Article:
(Bloomberg) -- Turkey’s Recep Tayyip Erdogan blasted a five-day-old agreement to halt fighting in Libya as he squabbled with Chancellor Angela Merkel in public over the viability of the accord.One of the two main Libyan combatants, Khalifa Haftar has failed to commit to a truce and should be shunned by leaders who gathered in Berlin last Sunday to work toward a more durable cease-fire in the North African country’s civil war, Erdogan said.“It’s hard to understand how some countries recognize Haftar,” the Turkish leader told journalists in Istanbul on Friday alongside Merkel, who came for talks.The frailty of the Berlin commitment was also on display as the two leaders bickered over Haftar’s refusal to officially sign an ceasefire agreement.Merkel acknowledged there had been “individual” violations of the truce in recent days, but said violence overall “has significantly dropped.”Erdogan chimed in, saying Haftar hadn’t signed anything, but only verbally accepted a truce, which isn’t “full acceptance.” Merkel rebutted, citing the verbal commitment and an agreement to put forward five names for a committee to hash out the terms of a more permanent cease-fire.“Madame Chancellor, it’s accepted but not signed, I want to make that clear,” Erdogan responded.“I think we misunderstand each other a bit,” Merkel said, agreeing that there was no signing. “You’re right.”Read More:Erdogan’s Libya Gamble Turns Mediterranean Into Sea of TroublesEurope Mulls Military Mission in Libya, Amid Oil Disruption (1)Warring Libya Factions Agree to Set Up Cease-Fire Committee (3)The parrying between the two leaders illustrates the difficulty of resolving the proxy war, which has seen Turkey and Russia back opposing parties in the struggle and outside nations squabble over energy interests. The Libya conflict has raged for years, killing thousands and disrupting the country’s oil output.Haftar, who has led a months-long march on the capital Tripoli, and Libya’s internationally recognized Prime Minister Fayez al-Sarraj, backed by Erdogan, variously agreed to a truce and pledged to put forward names to secure a more lasting cease-fire.“We won’t leave Sarraj alone,” Erdogan said.\--With assistance from Arne Delfs.To contact the reporters on this story: Patrick Donahue in Istanbul at;Firat Kozok in Istanbul at fkozok@bloomberg.netTo contact the editors responsible for this story: Ben Sills at, Raymond ColittFor more articles like this, please visit us at bloomberg.comSubscribe now to stay ahead with the most trusted business news source.©2020 Bloomberg L.P.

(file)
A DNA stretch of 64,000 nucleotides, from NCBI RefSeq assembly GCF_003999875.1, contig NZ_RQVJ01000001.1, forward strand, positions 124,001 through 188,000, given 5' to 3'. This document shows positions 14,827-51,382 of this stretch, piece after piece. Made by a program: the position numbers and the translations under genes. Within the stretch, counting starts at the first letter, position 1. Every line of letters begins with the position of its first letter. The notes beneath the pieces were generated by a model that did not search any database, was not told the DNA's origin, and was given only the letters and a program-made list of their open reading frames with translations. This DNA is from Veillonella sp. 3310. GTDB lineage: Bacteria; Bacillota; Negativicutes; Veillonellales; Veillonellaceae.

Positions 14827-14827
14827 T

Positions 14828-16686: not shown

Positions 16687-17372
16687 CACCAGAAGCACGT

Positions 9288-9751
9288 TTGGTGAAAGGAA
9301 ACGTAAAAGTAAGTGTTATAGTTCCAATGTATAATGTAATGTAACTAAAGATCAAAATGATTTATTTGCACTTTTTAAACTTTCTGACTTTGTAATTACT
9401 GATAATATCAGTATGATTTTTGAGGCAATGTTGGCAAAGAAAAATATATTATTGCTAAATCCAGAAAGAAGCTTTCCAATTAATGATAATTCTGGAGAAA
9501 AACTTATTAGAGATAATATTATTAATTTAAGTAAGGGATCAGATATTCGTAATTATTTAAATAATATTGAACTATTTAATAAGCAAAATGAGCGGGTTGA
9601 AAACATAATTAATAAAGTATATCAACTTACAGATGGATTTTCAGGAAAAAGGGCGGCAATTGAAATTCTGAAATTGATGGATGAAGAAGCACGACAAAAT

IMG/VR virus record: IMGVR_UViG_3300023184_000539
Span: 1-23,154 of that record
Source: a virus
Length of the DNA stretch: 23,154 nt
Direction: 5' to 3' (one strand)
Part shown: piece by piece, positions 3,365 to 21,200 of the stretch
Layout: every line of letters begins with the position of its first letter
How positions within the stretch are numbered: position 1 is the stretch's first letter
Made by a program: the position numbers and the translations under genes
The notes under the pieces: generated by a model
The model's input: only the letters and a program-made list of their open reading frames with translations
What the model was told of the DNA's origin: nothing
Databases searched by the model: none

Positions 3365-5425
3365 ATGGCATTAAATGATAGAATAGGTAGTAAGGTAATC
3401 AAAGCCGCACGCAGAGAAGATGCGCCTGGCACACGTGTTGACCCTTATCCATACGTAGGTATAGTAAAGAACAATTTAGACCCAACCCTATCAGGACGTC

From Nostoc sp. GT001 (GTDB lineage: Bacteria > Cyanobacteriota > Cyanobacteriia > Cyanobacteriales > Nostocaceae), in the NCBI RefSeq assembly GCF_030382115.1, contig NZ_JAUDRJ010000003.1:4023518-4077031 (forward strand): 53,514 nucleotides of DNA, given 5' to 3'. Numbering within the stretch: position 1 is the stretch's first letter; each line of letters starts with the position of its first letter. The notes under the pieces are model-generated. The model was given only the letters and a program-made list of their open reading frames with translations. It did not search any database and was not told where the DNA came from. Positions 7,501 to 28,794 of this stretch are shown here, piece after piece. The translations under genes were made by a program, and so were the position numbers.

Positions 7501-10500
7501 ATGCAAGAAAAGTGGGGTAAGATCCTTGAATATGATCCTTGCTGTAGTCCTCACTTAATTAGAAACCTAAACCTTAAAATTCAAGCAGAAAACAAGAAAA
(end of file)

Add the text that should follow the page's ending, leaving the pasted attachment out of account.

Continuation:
Fri, 24 Jan 2020 11:50:36 -0500